One of my favorite teachers of all time was my elementary music teacher from Watertown, Wisconsin. Mrs. Anderson taught me how to sing harmony when I was in third grade. She encouraged me to join the after-school choir.
When I sang in her room, I believed I was a star. When I sang in her room, I believed I could sing anything. When I sang in her room, I believed nothing was too difficult.
She had a contagious excitement for vocal music that inspired me to respond with equal enthusiasm.
We want that same kind of response to our story when we pitch at a conference.
How to Have Contagious Excitement While Pitching Your Novel:
*Remind yourself and a friend why readers will love your story. What makes your story uniquely interesting to readers?
*Practice your pitch till you are comfortable. Notice I say comfortable, not robotic. Be aware that after saying it too many times, you will sound more robotic than exciting.
*Put your pitch on a note card and bring it with you just incase you freeze up. When you plan for the worst, it rarely happens. (Put your name/genre/title/word count at the top also. Hopefully you won’t forget your own name, but sometimes writers forget to introduce themselves when they are nervous.)
*Write two questions you would like to ask the person if there is time. You probably won’t have the time for this, but it is best to be prepared.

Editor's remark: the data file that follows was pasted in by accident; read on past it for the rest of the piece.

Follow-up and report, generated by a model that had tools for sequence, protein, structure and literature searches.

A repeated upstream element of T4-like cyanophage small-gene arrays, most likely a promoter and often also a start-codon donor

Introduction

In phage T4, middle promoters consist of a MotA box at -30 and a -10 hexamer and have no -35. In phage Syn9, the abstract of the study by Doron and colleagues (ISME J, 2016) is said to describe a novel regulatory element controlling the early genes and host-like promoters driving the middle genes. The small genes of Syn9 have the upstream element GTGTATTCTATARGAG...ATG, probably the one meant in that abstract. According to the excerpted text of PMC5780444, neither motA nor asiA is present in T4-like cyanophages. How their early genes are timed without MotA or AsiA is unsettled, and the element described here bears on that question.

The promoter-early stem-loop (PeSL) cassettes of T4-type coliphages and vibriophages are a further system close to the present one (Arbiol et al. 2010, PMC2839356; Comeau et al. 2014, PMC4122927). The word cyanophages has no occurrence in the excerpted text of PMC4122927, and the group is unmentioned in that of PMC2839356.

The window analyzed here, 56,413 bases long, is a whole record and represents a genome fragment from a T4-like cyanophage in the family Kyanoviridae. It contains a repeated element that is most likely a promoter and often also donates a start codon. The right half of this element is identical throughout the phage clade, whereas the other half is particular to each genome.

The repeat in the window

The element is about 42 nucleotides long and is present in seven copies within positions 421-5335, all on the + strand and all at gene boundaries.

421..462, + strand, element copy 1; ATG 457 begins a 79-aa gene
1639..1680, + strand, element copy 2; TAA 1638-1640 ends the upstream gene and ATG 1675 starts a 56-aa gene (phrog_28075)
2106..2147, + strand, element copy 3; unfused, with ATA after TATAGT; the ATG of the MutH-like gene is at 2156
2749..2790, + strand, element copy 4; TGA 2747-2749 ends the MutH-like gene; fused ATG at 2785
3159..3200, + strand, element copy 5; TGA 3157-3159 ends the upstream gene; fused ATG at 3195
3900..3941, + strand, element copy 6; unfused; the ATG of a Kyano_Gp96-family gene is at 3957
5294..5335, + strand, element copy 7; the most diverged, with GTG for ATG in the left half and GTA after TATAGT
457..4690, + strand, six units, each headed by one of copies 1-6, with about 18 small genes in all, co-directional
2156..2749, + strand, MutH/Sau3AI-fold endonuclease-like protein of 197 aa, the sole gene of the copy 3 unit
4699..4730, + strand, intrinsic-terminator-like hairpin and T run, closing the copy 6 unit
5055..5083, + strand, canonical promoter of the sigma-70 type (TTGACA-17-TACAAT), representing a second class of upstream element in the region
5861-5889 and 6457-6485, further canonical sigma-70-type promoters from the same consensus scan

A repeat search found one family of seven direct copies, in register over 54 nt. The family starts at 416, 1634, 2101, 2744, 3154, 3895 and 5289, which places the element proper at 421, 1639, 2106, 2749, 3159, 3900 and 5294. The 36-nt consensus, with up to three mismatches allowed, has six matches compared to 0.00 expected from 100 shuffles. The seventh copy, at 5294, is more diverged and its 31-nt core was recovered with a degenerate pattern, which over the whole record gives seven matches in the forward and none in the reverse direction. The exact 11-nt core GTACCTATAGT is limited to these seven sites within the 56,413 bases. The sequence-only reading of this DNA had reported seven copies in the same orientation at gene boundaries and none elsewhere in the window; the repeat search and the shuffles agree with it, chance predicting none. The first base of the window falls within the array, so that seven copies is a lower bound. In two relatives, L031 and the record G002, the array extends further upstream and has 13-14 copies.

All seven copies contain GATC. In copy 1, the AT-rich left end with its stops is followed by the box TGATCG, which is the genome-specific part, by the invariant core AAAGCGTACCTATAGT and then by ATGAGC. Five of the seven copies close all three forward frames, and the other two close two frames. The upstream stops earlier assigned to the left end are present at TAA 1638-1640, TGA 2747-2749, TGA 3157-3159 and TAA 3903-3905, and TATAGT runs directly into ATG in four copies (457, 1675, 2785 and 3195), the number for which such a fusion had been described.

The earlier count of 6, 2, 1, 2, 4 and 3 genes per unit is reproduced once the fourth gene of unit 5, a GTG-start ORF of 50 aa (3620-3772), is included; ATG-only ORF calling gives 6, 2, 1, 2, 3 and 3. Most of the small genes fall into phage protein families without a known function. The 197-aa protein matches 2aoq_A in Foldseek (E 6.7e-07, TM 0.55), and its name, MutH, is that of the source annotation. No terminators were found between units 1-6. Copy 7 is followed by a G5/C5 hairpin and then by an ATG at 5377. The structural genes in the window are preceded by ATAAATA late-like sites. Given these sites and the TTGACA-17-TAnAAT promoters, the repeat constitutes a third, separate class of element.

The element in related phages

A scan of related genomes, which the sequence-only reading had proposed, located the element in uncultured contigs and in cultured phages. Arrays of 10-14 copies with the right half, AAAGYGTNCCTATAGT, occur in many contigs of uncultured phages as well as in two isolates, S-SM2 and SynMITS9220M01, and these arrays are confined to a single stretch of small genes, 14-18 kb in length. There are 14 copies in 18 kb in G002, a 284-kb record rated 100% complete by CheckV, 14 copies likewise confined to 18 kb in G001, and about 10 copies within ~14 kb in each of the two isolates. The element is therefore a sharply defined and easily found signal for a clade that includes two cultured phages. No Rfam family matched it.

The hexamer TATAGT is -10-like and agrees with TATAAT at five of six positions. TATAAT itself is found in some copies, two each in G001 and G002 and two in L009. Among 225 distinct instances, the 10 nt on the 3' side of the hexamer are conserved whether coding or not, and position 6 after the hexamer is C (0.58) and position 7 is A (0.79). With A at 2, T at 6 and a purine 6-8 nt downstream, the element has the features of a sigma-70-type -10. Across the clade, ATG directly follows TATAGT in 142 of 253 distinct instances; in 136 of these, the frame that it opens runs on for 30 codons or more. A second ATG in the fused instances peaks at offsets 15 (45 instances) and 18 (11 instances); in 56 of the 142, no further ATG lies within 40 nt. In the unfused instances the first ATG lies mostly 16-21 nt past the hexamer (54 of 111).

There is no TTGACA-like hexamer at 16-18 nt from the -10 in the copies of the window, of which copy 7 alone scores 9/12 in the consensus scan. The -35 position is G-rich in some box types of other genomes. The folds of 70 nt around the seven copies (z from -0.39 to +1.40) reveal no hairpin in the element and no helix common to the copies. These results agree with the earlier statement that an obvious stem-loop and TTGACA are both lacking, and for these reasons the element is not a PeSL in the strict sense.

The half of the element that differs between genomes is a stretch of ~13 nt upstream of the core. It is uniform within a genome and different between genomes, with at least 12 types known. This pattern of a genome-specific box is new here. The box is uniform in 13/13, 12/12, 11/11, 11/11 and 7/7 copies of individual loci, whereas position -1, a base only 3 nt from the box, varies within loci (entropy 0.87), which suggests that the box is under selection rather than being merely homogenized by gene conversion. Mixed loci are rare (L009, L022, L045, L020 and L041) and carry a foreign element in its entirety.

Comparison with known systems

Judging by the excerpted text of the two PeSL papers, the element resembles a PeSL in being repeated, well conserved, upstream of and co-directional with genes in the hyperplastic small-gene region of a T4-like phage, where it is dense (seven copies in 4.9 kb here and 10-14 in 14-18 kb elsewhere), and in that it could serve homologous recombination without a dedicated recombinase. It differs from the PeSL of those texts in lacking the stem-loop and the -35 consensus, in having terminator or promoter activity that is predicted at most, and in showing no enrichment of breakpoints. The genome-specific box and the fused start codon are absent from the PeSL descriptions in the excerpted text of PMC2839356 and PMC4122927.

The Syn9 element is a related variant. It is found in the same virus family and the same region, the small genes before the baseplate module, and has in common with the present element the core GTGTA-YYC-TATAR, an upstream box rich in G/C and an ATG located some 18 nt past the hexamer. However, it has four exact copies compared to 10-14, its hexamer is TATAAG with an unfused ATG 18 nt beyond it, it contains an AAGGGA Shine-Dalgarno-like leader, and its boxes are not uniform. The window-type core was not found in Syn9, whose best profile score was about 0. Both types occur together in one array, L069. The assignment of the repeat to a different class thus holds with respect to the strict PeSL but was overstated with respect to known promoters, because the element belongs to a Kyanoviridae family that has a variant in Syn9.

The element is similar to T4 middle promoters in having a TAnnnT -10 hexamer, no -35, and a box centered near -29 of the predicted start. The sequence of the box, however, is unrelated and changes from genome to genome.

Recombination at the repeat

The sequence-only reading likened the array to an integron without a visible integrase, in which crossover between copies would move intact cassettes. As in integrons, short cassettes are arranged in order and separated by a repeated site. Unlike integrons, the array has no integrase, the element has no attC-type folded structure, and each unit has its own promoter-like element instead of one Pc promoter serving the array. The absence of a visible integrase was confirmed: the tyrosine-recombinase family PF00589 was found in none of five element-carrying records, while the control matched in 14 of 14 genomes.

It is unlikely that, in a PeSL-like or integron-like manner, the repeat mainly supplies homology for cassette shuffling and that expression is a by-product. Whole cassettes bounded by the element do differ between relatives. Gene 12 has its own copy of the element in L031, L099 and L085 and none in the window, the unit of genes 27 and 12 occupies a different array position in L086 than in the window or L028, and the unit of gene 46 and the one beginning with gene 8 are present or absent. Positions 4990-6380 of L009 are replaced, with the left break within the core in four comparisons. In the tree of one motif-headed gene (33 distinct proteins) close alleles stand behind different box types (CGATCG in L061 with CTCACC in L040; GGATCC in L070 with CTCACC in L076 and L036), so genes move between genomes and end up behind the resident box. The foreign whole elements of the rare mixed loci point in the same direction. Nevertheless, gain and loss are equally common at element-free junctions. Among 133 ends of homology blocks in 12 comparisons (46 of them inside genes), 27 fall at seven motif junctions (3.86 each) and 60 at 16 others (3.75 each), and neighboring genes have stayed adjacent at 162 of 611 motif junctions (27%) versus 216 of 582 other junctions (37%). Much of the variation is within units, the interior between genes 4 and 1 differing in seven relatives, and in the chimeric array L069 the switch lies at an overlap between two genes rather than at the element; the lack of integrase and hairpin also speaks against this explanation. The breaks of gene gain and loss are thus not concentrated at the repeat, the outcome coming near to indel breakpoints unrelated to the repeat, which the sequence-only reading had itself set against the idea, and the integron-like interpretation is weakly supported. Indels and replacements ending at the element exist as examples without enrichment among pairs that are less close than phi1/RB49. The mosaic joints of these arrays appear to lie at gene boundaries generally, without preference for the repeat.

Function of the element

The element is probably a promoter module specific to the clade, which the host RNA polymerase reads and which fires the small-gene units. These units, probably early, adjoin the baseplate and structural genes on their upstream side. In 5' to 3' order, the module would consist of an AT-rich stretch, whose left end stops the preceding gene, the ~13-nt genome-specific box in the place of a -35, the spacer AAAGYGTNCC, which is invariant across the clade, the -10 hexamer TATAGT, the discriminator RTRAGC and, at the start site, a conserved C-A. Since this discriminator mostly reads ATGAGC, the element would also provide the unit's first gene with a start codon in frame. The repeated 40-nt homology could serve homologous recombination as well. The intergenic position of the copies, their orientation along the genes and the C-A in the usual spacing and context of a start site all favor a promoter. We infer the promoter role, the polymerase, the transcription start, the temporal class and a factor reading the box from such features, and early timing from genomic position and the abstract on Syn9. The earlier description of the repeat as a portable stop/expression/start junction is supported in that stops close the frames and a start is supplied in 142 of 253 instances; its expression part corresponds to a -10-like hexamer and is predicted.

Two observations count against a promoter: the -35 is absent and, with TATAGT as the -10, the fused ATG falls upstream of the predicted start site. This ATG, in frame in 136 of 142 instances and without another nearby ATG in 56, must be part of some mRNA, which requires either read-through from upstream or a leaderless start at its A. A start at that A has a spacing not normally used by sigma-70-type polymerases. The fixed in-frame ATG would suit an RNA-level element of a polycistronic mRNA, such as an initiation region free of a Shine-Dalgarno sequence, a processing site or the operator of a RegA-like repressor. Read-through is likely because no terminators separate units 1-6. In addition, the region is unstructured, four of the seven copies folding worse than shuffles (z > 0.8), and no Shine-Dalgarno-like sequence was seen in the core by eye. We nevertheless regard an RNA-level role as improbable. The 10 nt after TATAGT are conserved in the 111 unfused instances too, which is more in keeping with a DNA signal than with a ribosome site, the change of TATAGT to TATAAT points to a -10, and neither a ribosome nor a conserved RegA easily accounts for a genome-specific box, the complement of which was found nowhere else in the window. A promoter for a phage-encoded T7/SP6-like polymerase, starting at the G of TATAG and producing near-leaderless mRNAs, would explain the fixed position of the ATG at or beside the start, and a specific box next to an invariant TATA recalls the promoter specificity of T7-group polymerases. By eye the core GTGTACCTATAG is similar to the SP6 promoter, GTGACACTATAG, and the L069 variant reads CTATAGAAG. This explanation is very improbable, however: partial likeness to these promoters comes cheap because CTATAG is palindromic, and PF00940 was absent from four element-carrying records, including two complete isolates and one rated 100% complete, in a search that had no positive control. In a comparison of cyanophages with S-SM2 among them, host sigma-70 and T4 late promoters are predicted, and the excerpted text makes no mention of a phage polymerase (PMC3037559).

*Maintain eye contact and smile. This sounds so simple, but in actuality it can be difficult. You don’t want to stare, but maintaining eye contact gives the impression of confidence. Smiling adds to likability.
*Speak loud and clear. Be careful not to rush through your pitch so fast that the listener doesn’t really know what you are saying.
*Connect with things that matter to them. Follow conversation threads that made them perk up. Whether they are talking about an aspect of the market or a client. When you connect with things they care about there is a greater likelihood of them remembering the interview as a pleasant one.
*Send A Follow-Up Thank You Card. It is important that you show an editor or agent that you appreciate their time. Sending a thank you follow-up even without a request for your manuscript shows that you can respect a ‘no’ as much as a ‘yes’.
What tricks do you use to help you have a contagious excitement when you pitch your novel?